I also find it hard to sing sunny, bouncy lyrics when so many around us suffer from mental and emotional illness or other debilitating health limitations. Unfortunately, these burdens sometimes persist despite the valiant efforts of many kinds of caregivers, including family members. I pray we will not let these children of God suffer in silence and that we will be endowed with His capacity to hear the songs they cannot now sing.
And someday I hope a great global chorus will harmonize across all racial and ethnic lines, declaring that guns, slurs, and vitriol are not the way to deal with human conflict. The declarations of heaven cry out to us that the only way complex societal issues can ever be satisfactorily resolved is by loving God and keeping His commandments, thus opening the door to the one lasting, salvific way to love each other as neighbors. The prophet Ether taught that we should “hope for a better world.” Reading that thought a thousand years later, war- and violence-weary Moroni declared that the “more excellent way” to that world will always be the gospel of Jesus Christ.8
How grateful we are that in the midst of these kinds of challenges, there comes, from time to time, another kind of song that we find ourselves unable to sing, but for a different reason. This is when feelings are so deep and personal, even so sacred, that they either cannot be or should not be expressed—like Cordelia’s love for her father, of which she said: “My love’s … richer than my tongue. … I cannot heave my heart into my mouth.”9 Coming to us as something holy, these sentiments are simply unutterable—spiritually ineffable—like the prayer Jesus offered for the Nephite children. Those who were witnesses to that event recorded:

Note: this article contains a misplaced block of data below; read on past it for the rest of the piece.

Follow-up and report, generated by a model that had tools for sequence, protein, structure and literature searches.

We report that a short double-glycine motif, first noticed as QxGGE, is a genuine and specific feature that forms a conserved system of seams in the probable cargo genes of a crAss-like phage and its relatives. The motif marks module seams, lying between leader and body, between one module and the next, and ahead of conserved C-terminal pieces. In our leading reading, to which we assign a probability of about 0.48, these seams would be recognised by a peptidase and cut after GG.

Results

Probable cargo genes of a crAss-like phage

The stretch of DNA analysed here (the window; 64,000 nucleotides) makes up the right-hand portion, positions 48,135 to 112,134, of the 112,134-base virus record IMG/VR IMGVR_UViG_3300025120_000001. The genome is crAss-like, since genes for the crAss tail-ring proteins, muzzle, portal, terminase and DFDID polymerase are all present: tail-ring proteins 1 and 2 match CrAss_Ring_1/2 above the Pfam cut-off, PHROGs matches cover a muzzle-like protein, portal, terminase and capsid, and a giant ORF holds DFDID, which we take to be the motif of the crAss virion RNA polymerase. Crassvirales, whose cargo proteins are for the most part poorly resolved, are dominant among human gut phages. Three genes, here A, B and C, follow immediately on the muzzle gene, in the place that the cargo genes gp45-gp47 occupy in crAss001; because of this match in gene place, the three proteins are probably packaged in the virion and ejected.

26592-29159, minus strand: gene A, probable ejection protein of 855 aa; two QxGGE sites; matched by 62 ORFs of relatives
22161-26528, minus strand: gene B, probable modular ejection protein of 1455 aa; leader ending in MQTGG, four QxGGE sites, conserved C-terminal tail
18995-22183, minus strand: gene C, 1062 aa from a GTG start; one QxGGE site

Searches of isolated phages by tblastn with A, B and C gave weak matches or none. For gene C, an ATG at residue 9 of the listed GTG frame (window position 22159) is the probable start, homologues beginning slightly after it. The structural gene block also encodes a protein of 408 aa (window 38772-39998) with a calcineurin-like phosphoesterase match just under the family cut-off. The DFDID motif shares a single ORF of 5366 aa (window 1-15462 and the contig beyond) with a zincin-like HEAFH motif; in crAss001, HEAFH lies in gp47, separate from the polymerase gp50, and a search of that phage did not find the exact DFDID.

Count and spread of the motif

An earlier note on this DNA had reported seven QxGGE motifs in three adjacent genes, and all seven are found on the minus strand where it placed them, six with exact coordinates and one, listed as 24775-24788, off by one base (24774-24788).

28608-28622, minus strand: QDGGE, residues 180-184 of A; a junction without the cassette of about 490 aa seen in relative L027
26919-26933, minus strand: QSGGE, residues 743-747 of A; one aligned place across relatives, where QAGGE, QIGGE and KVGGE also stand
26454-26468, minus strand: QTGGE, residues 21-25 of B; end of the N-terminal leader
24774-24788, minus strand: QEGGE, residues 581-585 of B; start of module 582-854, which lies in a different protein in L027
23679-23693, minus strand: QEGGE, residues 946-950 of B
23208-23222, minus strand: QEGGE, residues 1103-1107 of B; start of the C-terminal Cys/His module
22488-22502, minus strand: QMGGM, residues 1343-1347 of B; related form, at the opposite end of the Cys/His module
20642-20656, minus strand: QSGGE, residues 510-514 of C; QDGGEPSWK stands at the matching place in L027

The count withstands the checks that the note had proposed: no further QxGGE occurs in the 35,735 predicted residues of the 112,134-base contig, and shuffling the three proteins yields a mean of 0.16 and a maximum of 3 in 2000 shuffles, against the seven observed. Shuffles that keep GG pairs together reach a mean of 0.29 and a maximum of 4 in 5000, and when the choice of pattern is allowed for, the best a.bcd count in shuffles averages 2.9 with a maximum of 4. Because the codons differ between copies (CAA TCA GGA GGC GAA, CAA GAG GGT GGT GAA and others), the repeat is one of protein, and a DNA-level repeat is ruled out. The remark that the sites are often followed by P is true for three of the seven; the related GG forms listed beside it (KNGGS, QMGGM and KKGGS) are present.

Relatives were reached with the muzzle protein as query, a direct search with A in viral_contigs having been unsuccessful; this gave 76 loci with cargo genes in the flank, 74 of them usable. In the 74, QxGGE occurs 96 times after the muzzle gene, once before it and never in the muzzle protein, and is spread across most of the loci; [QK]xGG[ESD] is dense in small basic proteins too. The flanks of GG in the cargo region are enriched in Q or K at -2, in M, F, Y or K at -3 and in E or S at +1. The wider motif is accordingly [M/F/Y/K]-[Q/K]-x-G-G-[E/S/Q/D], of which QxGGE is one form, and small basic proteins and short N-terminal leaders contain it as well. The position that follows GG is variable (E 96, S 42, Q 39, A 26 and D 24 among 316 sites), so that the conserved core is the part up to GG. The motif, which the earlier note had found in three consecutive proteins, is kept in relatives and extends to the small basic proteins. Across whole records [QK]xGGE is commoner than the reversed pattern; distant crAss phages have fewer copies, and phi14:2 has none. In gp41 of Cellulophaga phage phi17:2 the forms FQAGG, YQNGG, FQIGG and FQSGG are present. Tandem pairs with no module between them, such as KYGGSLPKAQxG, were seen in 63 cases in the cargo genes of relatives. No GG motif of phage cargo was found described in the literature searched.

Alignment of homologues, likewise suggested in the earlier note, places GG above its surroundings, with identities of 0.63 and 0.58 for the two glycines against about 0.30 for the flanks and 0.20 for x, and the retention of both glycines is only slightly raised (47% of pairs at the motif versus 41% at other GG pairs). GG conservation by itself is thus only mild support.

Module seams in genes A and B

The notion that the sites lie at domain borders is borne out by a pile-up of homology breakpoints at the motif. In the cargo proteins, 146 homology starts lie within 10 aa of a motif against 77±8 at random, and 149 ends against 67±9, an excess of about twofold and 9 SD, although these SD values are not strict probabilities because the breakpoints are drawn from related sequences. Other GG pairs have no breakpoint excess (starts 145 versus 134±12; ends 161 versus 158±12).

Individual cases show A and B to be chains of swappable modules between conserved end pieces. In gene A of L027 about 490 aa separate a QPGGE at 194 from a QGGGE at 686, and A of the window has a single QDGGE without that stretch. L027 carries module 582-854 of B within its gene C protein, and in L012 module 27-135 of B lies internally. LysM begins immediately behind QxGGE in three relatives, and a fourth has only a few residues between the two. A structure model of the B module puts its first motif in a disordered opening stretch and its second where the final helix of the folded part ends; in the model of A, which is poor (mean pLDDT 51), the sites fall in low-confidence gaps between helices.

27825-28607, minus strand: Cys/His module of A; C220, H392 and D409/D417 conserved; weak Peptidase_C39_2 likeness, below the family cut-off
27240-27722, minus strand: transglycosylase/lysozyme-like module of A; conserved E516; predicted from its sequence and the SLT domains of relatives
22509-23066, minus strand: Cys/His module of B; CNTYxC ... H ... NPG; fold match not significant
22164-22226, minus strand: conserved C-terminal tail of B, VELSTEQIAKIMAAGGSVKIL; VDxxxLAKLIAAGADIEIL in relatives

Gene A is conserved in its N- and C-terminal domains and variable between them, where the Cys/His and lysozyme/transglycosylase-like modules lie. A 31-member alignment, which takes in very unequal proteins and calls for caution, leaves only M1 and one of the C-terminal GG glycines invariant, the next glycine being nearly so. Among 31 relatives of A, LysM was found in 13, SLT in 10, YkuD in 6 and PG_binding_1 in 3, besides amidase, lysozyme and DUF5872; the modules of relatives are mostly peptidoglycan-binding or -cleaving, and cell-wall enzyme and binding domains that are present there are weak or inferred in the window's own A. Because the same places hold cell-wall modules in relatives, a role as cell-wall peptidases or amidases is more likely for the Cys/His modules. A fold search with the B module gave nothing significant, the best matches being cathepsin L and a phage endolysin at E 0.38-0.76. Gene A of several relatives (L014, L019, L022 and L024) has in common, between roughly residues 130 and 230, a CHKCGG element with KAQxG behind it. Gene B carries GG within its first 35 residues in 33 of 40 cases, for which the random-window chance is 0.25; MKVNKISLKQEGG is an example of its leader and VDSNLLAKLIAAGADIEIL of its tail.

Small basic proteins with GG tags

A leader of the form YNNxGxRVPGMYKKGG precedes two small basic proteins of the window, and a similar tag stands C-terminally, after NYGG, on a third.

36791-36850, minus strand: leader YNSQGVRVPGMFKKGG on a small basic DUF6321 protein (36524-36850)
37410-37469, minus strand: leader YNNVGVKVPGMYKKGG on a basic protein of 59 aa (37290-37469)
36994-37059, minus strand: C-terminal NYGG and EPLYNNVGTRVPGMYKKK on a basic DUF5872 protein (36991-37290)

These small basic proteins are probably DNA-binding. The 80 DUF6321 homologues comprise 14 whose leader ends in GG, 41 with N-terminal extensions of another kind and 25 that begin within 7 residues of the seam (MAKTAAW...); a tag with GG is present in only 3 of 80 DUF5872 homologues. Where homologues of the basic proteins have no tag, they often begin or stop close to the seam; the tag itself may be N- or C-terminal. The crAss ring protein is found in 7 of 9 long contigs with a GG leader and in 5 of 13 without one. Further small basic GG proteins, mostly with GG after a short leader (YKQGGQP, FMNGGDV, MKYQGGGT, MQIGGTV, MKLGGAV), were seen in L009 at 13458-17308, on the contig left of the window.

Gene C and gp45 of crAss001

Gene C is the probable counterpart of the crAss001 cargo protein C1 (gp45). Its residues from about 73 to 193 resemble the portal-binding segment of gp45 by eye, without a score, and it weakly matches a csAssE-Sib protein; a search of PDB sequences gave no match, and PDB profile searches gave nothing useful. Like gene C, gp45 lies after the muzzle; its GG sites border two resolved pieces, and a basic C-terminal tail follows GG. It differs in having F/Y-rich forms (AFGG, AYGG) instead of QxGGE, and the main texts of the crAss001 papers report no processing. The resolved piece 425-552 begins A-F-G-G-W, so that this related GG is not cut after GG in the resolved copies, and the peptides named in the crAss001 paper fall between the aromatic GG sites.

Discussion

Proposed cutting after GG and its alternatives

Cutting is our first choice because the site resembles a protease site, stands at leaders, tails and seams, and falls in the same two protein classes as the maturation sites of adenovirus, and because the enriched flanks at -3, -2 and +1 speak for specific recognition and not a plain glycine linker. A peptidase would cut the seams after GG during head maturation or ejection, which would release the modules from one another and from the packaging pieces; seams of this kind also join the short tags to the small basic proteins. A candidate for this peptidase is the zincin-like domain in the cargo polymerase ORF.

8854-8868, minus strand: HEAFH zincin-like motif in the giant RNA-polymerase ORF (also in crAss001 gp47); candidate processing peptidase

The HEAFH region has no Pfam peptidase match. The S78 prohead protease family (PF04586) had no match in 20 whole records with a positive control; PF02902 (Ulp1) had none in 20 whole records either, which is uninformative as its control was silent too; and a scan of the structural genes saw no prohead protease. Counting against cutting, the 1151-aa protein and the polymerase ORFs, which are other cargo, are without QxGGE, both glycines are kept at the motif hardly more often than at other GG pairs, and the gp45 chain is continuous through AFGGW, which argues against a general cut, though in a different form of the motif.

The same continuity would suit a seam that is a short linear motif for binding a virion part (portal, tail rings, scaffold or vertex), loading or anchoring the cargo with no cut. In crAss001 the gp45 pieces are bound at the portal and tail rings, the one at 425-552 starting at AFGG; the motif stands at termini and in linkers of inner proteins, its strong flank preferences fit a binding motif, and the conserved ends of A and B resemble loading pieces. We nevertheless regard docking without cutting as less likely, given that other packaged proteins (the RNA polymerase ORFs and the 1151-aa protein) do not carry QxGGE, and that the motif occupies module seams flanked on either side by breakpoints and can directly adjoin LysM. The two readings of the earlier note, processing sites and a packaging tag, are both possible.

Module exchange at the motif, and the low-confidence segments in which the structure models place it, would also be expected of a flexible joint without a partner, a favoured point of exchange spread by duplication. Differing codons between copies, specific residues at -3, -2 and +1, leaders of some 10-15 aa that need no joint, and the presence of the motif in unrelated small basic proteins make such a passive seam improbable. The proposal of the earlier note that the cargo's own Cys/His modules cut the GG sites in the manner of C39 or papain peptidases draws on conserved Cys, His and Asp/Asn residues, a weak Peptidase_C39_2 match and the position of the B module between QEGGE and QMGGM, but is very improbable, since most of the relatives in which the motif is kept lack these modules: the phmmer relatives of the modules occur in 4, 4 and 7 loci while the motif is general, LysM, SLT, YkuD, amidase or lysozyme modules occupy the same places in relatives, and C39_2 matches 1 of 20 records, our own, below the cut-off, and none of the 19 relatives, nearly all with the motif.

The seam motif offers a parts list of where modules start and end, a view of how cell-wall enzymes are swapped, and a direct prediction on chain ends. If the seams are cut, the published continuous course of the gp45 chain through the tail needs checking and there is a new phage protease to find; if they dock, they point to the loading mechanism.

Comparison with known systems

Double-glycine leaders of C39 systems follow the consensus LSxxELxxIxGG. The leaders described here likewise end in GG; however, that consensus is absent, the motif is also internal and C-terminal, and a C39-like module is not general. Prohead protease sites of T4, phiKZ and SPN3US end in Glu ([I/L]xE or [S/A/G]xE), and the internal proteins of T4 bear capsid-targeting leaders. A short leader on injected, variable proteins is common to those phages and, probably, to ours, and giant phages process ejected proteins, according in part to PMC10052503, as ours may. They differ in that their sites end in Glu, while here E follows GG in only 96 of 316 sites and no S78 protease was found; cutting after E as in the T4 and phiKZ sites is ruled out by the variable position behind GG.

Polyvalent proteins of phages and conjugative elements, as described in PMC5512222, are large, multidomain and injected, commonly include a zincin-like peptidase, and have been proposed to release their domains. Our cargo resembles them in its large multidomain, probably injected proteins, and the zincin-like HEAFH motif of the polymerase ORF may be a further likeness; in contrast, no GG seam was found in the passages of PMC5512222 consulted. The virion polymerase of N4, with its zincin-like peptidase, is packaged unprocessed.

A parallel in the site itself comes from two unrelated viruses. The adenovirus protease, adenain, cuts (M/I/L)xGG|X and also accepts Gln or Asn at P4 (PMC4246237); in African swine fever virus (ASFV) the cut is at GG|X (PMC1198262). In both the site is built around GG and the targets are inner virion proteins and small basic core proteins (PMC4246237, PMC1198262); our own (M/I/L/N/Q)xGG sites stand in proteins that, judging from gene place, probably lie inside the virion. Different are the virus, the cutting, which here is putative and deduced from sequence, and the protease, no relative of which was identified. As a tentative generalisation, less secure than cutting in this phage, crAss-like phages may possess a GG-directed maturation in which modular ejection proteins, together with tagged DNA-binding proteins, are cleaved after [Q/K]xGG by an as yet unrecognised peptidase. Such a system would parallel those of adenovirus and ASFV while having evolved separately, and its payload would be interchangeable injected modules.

“Eye hath never seen, neither hath the ear heard … so great and marvelous things as we saw and heard Jesus speak unto the Father;
“… No tongue can speak, neither can there be written by any man, neither can the hearts of men conceive so great and marvelous things as we both saw and heard Jesus speak.”10
These kinds of sanctified moments remain unuttered because expression, even if it were possible, might seem like desecration.
Brothers and sisters, we live in a mortal world with many songs we cannot or do not yet sing. But I plead with each one of us to stay permanently and faithfully in the choir, where we will be able to savor forever that most precious anthem of all—“the song of redeeming love.”11 Fortunately, the seats for this particular number are limitless. There is room for those who speak different languages, celebrate diverse cultures, and live in a host of locations. There is room for the single, for the married, for large families, and for the childless. There is room for those who once had questions regarding their faith and room for those who still do. There is room for those with differing sexual attractions. In short, there is a place for everyone who loves God and honors His commandments as the inviolable measuring rod for personal behavior, for if love of God is the melody of our shared song, surely our common quest to obey Him is the indispensable harmony in it. With divine imperatives of love and faith, repentance and compassion, honesty and forgiveness, there is room in this choir for all who wish to be there.12 “Come as you are,” a loving Father says to each of us, but He adds, “Don’t plan to stay as you are.” We smile and remember that God is determined to make of us more than we thought we could be.
In this great oratorio that is His plan for our exaltation, may we humbly follow His baton and keep working on the songs we cannot sing, until we can offer those “carol[s] to [our] King.”13 Then one day, as our much-loved hymn says:
I testify that hour will come, that God our Eternal Father will again send to earth His Only Begotten Son, this time to rule and reign as King of kings forever. I testify that this is His restored Church and is the vehicle for bringing the teachings and saving ordinances of His gospel to all humankind. When His message “has penetrated every continent [and] visited every clime,”15 Jesus will indeed “[show] his smiling face.”16 There will be plenty of eternal sunshine for the soul that day. For this promised hour to come, I longingly pray in the name of Jesus Christ, amen.
“There Is Sunshine in My Soul Today,” Hymns, no. 227.
Hymns, no. 227.
Hymns, no. 227.
Hymns, no. 227.
Bill Staines, “All God’s Critters Got a Place in the Choir,” in Laurel Thatcher Ulrich and Emma Lou Thayne, All God’s Critters Got a Place in the Choir (1995), 4.
Hymns, no. 227.
See Ether 12:4, 11.
William Shakespeare, King Lear, act 1, scene 1, lines 79–80, 93–94.
3 Nephi 17:16–17; emphasis added.
See 2 Nephi 26:33.
Hymns, no. 227.
“The Spirit of God,” Hymns, no. 2.
Teachings of Presidents of the Church: Joseph Smith (2007), 142.
Hymns, no. 227.